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‘I know we’ll see her again’

How does a fully formed, healthy baby just slip away, back into the arms of Jesus, and her vigilant mother not know it? 

I had failed. God had failed. I was being punished. David deserved better. He should have a wife who could give him children. 

Grief is an unwelcome, foreign agent. We weren’t created to die, so it’s like our bodies, our minds, our hearts don’t know what to do with it. 

“(W)e who have fled to him for refuge can have great confidence as we hold to the hope that lies before us. This hope is a strong and trustworthy anchor for our souls. It leads us through the curtain into God’s inner sanctuary. Jesus has already gone in there for us. He has become our eternal High Priest in the order of Melchizedek.”   — Hebrews 6:18-20, New Living Translation

Even now, 20 years later, I still don’t understand.

But I know I didn’t fail. God didn’t fail. I wasn’t being punished. That’s not who God is. I don’t know why — as if any “why” would make it all OK, make it all make sense. 

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(1/3) Her name is Hope. 20 years ago, I was beginning my 8th month of pregnancy with my and David’s first child. It was New Years Eve 1998. I sat in bed just before midnight watching David Letterman and sipping orange juice, trying to take my mind off of a growing concern inside my heart, hoping the sugar in the juice would make the baby kick his or her legs. Mine was a high risk pregnancy. I had fibroid tumors and had been told it was possible I’d never be able to carry a child full term, or become pregnant at all. This baby was a “miracle.” I’d had intermittent bleeding throughout my pregnancy with at least one trip to the ER. I was receiving extremely watchful care under a perinatologist and had ultrasounds at each visit. We were assured that he or she was developing and healthy, despite the fibroids, and the umbilical cord having only two, instead of the normal three vessels. We’d come this far—viability was an option now if the baby came early. Relief! So this night, it was beyond comprehension that something could be wrong. I had gestational diabetes and wasn’t supposed to drink fruit juices, but I needed to feel his or her familiar movements… How does the human mind allow itself to enter into a place of denial when all the signs are pointing to the obvious? We registered at Babies-R-Us the next day. I was mindful all the while: no movement. I was anxious. But if I just went on, it would be ok. Stop worrying. God wouldn’t do this to me, to us. He’d brought us this far. I was praying, willing him or her to be ok. In my anxiety, I was irritable with David. We argued. I didn’t want to speak my fears out loud, afraid they’d come true. Back at home, I laid down on my side while holding the musical globe my excited husband/soon-to-be father gifted me on Christmas morning to my swollen belly, hoping the sweet tune would “wake him or her up.” Still, no kicks or flutters. A combination of inexperience and denial, Braxton Hicks contractions deceived me into believing he or she was moving, just differently. And I’d been “one of those” first time pregnant women who called the nurse a lot. I was embarrassed to bother them again…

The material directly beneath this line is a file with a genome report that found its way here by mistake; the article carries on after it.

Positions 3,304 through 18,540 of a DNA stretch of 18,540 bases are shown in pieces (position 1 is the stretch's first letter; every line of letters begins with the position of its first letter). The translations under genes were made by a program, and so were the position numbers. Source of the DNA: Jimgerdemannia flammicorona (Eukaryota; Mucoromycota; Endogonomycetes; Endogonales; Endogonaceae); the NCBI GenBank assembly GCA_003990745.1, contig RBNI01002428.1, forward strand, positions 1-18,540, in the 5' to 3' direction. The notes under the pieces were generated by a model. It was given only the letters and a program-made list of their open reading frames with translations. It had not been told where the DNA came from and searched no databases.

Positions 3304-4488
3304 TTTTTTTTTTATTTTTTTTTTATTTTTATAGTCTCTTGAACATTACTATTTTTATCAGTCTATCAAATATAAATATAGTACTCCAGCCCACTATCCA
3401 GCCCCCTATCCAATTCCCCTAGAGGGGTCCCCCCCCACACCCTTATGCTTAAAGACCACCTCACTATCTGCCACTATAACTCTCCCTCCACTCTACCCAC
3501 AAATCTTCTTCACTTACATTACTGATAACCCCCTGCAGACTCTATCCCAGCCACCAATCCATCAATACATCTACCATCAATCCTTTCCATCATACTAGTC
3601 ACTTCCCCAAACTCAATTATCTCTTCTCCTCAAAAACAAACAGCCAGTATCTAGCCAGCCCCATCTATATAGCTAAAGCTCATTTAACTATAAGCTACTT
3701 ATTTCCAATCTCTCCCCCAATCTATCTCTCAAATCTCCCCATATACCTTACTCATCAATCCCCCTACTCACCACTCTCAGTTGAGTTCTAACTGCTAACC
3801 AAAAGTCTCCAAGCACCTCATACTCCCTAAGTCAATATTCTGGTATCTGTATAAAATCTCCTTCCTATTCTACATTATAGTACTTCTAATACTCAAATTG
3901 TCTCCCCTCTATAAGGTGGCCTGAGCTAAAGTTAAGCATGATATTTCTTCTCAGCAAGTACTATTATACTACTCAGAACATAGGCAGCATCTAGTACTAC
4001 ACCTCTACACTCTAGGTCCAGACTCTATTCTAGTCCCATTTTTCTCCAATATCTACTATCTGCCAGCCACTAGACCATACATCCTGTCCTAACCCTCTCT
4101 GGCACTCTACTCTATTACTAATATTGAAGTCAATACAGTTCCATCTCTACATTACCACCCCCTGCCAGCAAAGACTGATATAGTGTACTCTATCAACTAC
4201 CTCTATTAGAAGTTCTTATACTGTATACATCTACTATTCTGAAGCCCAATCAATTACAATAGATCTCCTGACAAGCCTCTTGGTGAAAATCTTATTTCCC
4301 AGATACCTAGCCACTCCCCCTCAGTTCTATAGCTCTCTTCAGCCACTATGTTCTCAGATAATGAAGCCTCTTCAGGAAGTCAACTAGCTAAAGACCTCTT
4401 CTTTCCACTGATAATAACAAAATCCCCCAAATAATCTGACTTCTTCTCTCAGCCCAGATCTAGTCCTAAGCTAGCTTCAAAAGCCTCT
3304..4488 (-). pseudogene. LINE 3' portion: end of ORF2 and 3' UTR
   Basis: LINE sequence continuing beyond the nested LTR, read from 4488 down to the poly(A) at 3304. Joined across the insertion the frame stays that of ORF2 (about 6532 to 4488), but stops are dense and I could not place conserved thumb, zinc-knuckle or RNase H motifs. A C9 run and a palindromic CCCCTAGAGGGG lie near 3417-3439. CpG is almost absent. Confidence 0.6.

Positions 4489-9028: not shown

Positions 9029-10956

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I know we now have a unique perspective of sorts and have been able to sincerely empathize with countless mamas and daddies ever since. I know it could’ve been much worse in so many ways. 

I know the odds are against marriages that experience the death of a child — and that David and I grew closer because of our shared loss. I know we probably wouldn’t have our beautiful, special, unique lights of Mackenna and Jonathan if she’d stayed. 

Amy Cady

Amy Cady

I know God is love, and this wasn’t “his will.” I know she’s the lucky one to not have to ever experience heartbreak, sadness, all the heaviness of existing, and to have only ever known warmth and love. 

I know we are incredibly fortunate for all we have — and for what hasn’t happened to us. 

I know that this life isn’t it. I know all will be made new again someday, that all will be as it originally was. 

I know we’ll see her again. 

Her name is Hope. 

And we are beyond thankful for her.

Amy Cady and her husband, David, serve the Wellspring Fellowship Church of Christ in Waipahu, Hawaii. Their first child, Hope, died in utero after a complicated pregnancy and was delivered by cesarean section on Jan. 10, 1999. The Cadys have two more children, Mackenna and Jonathan, both teenagers and active in ministry. 

Filed under: grief In the Word infant loss Opinion Top Stories

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